Browsing one of China’s leading internet portals has been easier on the eye in recent years. By Western standards, sites such as Sina or Tencent may seem cluttered – even overwhelming. But, compared to the omnipresent floating ads, pop-ups and uncloseable boxes of years past that pestered Chinese internet users, the general demeanor of online advertising in the country has become – at least for market leaders – increasingly pleasant.
While decluttering is a good start, China has a lot of ground to cover in monetizing digital ads. Boosting the value of ads and handling large amounts of user data will be a large part of raising revenues in the months and years to come. Although digital ad revenues are expected to surpass those of TV in 2013, according to Chinese internet analysis firm iResearch, investors are waiting to see if they can keep up with the pace of the country’s quickly expanding digital universe.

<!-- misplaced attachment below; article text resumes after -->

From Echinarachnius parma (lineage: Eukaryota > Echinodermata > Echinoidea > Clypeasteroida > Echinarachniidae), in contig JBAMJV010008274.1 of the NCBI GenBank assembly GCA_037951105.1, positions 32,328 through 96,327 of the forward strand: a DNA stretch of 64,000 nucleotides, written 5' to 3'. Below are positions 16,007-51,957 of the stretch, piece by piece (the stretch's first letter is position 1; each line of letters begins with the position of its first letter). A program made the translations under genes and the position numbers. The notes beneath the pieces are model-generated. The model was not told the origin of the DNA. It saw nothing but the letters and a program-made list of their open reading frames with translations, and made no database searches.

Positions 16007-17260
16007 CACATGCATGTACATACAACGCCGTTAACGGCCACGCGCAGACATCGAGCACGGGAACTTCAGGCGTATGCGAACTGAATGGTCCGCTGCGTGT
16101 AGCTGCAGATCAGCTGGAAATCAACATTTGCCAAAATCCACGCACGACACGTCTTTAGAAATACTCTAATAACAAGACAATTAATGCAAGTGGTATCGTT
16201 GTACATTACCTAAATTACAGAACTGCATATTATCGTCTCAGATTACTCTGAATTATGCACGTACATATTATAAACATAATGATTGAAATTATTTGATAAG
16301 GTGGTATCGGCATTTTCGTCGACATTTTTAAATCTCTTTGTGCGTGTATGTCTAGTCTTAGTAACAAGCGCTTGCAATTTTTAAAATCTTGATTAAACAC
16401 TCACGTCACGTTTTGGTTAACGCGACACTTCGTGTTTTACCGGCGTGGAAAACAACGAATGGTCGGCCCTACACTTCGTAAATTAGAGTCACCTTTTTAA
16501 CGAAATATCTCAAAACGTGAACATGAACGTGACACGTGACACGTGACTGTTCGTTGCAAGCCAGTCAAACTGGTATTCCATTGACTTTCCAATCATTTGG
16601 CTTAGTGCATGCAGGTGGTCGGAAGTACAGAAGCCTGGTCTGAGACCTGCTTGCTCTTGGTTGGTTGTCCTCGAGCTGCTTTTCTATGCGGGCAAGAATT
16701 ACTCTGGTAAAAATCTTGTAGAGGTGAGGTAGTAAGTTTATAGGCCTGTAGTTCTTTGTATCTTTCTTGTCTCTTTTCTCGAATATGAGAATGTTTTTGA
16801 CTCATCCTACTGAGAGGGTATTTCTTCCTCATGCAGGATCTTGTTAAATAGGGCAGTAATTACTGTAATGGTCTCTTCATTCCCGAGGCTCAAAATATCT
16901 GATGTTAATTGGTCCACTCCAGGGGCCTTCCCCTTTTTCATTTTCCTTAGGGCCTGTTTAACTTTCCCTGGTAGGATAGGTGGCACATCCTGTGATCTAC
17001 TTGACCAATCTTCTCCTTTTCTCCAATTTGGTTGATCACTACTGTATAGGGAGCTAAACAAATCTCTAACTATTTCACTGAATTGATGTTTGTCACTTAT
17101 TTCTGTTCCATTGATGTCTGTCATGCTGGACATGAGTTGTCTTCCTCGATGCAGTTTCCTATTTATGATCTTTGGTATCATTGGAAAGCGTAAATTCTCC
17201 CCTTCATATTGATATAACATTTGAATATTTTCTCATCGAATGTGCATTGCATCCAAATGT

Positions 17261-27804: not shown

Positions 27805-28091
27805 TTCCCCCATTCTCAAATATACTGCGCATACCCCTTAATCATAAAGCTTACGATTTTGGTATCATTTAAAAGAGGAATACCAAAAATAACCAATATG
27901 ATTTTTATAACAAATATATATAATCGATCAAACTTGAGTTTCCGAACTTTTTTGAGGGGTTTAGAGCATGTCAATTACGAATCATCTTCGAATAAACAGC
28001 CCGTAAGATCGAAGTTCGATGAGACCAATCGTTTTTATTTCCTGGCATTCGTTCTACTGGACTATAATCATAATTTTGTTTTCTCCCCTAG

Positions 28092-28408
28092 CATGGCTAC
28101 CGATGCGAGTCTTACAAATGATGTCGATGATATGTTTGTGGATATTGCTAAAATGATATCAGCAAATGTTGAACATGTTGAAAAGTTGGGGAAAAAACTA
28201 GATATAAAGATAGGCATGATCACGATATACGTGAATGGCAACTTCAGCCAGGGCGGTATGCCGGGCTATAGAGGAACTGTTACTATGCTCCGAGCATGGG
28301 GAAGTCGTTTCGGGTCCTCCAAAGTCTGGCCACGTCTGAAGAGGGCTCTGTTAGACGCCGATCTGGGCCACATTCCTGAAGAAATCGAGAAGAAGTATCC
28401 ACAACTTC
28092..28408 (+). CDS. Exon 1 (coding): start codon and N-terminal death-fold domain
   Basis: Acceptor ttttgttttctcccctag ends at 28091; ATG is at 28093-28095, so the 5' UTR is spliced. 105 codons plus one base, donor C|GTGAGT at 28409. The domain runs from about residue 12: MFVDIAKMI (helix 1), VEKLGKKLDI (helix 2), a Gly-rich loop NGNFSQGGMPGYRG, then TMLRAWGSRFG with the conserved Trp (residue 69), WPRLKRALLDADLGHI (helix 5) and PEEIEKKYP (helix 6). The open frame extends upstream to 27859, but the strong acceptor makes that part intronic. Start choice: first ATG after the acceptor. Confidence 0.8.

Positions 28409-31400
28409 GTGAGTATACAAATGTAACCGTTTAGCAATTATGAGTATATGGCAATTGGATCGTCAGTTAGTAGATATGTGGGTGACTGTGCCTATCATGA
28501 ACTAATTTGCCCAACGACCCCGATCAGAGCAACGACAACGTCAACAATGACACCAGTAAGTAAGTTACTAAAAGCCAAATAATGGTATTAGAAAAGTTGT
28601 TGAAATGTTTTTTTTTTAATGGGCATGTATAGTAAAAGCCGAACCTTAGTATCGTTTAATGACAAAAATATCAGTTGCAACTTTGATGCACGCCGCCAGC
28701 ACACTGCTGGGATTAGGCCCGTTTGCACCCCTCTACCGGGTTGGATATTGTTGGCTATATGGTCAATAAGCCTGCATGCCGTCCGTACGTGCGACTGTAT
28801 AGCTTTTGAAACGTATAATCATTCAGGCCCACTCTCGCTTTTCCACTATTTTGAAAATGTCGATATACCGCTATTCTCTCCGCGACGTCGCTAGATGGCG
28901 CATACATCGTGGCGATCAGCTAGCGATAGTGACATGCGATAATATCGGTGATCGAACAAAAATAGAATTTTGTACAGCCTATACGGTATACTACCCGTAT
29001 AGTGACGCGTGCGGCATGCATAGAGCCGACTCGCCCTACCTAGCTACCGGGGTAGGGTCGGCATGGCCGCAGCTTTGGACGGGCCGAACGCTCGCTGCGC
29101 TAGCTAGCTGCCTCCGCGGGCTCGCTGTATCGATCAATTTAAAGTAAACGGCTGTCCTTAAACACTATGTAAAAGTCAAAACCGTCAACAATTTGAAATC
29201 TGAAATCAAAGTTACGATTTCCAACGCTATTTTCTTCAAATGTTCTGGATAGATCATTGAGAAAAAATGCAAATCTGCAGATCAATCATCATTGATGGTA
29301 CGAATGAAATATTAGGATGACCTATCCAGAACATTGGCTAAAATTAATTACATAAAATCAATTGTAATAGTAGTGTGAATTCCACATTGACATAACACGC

Along the way, harnessing the mobile market will help – in fact, it will be essential. But this market is in its early stages and companies will be wary of running adverts on smartphones or tablets until advertisers can prove that people are looking at them.
Not fast enough
China’s digital advertising market is booming, but slower annual growth last year has spooked some investors. The value of the market increased by 48% year-on-year, reaching US$11.7 billion, according to a report from Analysys International, a Beijing-based internet research firm. Still, the figure is down from around 56% growth in 2011.
Company stocks have already suffered from the potential of a continued slowdown. Qihoo 360 Technology, a Beijing-based company that launched a search engine last year, as well as China’s biggest search engine Baidu.com, both lost share value on fears of a slowdown in advertising growth. So did Sina, which owns China’s biggest portal and most-used weibo micro-blogging service.
China’s poor economic figures last year didn’t help internet firms boost their ad revenues. Companies generally spend less on advertising during times of economic uncertainty. China recorded disappointing first-quarter GDP and industrial output data on Monday, which could put more downward pressure on growth in the sector.